Small RNA Molecules Block Breast Cancer from Spreading via Newly Identified Secreted Factor


The role of genes and proteins in cancer control is well known, but now researchers at Jefferson’s Kimmel Cancer Center have found a cluster of microRNA (miRNA) molecules that act to suppress the invasive spread of breast cancer.

MiRNAs are non-coding small RNA molecules found in wide areas of the genome that, either singly or in clusters, regulates gene expression. Links between dysfunctional miRNA and human disease have only recently been made.

In the April 19 online early edition of the Proceedings of the National Academy of Sciences (PNAS), the researchers say that this miRNA cluster (dubbed 17/20) is able to inhibit the ability of breast cancer cells to secrete chemicals that alters the microenvironment surrounding the cells, allowing them to eventually break free, travel and spread. They identified these chemicals and showed they are key to breast cancer spread.

“This is the first evidence of suppression of breast cancer cell migration, invasion, and metastasis by miRNA through regulation of factors secreted by the cancer cells,” says the study’s first author Zuoren Yu, Ph.D., assistant professor of Cancer Biology at Jefferson Medical College of Thomas Jefferson University.

“Previous studies have implicated miRNA in cancer, but being within the cell, they are hard to target as a cancer therapy. By demonstrating the miRNA work via secreted factors, and identifying these factors, the findings bring us closer to novel, rational anti-metastasis therapy for breast cancer,” says the study’s lead investigator, Richard Pestell, M.D., Ph.D., Director of the Kimmel Cancer Center at Jefferson. “Metastatic breast cancer occurs in 20 to 30 percent of women with breast cancer and although traditional treatment therapies may slow down tumor growth, metastatic breast cancer still has a poor survival.”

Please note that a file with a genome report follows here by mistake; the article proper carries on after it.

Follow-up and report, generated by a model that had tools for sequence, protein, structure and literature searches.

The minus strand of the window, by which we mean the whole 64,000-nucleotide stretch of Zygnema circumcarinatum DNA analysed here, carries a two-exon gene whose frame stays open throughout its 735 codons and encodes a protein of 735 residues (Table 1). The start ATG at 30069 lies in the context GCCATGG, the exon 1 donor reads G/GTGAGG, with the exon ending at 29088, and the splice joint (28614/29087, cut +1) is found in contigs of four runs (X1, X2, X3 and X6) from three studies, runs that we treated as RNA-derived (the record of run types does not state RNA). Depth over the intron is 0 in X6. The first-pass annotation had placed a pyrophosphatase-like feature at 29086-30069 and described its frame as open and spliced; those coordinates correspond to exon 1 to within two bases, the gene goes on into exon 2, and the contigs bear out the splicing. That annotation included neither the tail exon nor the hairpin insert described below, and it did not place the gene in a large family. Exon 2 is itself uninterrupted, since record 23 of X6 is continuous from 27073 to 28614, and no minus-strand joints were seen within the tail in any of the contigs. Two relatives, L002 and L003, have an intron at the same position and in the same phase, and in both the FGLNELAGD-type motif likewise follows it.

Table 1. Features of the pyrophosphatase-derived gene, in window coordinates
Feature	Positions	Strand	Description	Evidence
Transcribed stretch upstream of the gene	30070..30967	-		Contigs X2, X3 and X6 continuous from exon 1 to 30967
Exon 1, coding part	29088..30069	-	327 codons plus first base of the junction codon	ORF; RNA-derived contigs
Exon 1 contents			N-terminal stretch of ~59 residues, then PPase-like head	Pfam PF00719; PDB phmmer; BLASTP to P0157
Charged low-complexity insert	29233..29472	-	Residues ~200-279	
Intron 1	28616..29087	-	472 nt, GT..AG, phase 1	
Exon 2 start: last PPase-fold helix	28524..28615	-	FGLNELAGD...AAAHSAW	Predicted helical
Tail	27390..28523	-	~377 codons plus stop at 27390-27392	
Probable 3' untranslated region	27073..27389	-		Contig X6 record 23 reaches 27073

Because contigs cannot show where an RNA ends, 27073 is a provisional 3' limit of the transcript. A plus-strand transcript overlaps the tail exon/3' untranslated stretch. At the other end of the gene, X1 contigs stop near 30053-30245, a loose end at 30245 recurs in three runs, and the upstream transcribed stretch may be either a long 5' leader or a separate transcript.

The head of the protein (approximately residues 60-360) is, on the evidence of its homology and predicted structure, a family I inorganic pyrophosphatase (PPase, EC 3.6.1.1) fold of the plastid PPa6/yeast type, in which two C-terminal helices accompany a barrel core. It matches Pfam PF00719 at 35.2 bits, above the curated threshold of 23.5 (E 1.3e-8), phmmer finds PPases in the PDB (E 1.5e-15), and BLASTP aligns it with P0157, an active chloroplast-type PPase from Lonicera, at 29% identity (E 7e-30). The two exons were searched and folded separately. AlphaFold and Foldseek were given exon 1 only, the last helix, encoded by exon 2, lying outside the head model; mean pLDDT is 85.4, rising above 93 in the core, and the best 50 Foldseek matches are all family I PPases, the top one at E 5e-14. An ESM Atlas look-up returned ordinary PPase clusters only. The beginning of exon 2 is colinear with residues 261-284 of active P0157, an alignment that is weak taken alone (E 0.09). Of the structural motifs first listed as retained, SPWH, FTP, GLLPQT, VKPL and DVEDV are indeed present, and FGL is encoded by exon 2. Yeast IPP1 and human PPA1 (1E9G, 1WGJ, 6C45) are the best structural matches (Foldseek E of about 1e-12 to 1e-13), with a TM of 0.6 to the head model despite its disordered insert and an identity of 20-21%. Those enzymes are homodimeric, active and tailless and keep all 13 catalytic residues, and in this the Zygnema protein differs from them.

Pestell, Yu, and their Kimmel Cancer Center team have already shown that miRNA 17/20 is often missing or substantially reduced in breast cancer patients’ tumor biopsies, when compared to cancer free tissue samples. Their prior studies have revealed that the cluster inhibits the cyclin D1 oncogene. Over a decade ago, Pestell’s laboratory was the first to show that cyclin D1 has a critical role in promoting breast tumor growth in animals. “Our research and that of other laboratories are consistent with a growing understanding that miRNA functions as tissue specific tumor suppressor,” Dr. Yu says. “MiRNA 17/20 acts as a tumor suppressor in breast cancer.”

In this study, the researchers found that this miRNA cluster has the added function of decreasing migration, invasion, and metastasis. “We know that one microRNA or a single miRNA cluster can have effects on many genes, and in this case, it seems to be regulating the microenvironment of cancer cells, decreasing the release of growth factors from cancer cells that can lead to cell migration.”

The researchers then delivered extra miRNA 17/20 clusters to laboratory breast cancer cells and found this over-expression blocked key signals that would have allowed cells to detach from each other.

“We found a pathway of cross-talking between cancer cells mediated by miRNA,” Dr. Yu says. “This sheds light on the importance of cell microenvironment for cancer invasiveness and metastasis.”

The researchers are now planning to test the effect of delivering miRNA 17/20 clusters to animal models of human breast cancer.

The work was supported by grants from the National Cancer Institute, the Marian C. Falk Medical Research Trust and the Pennsylvania Department of Health. The authors declare no conflicts of interest.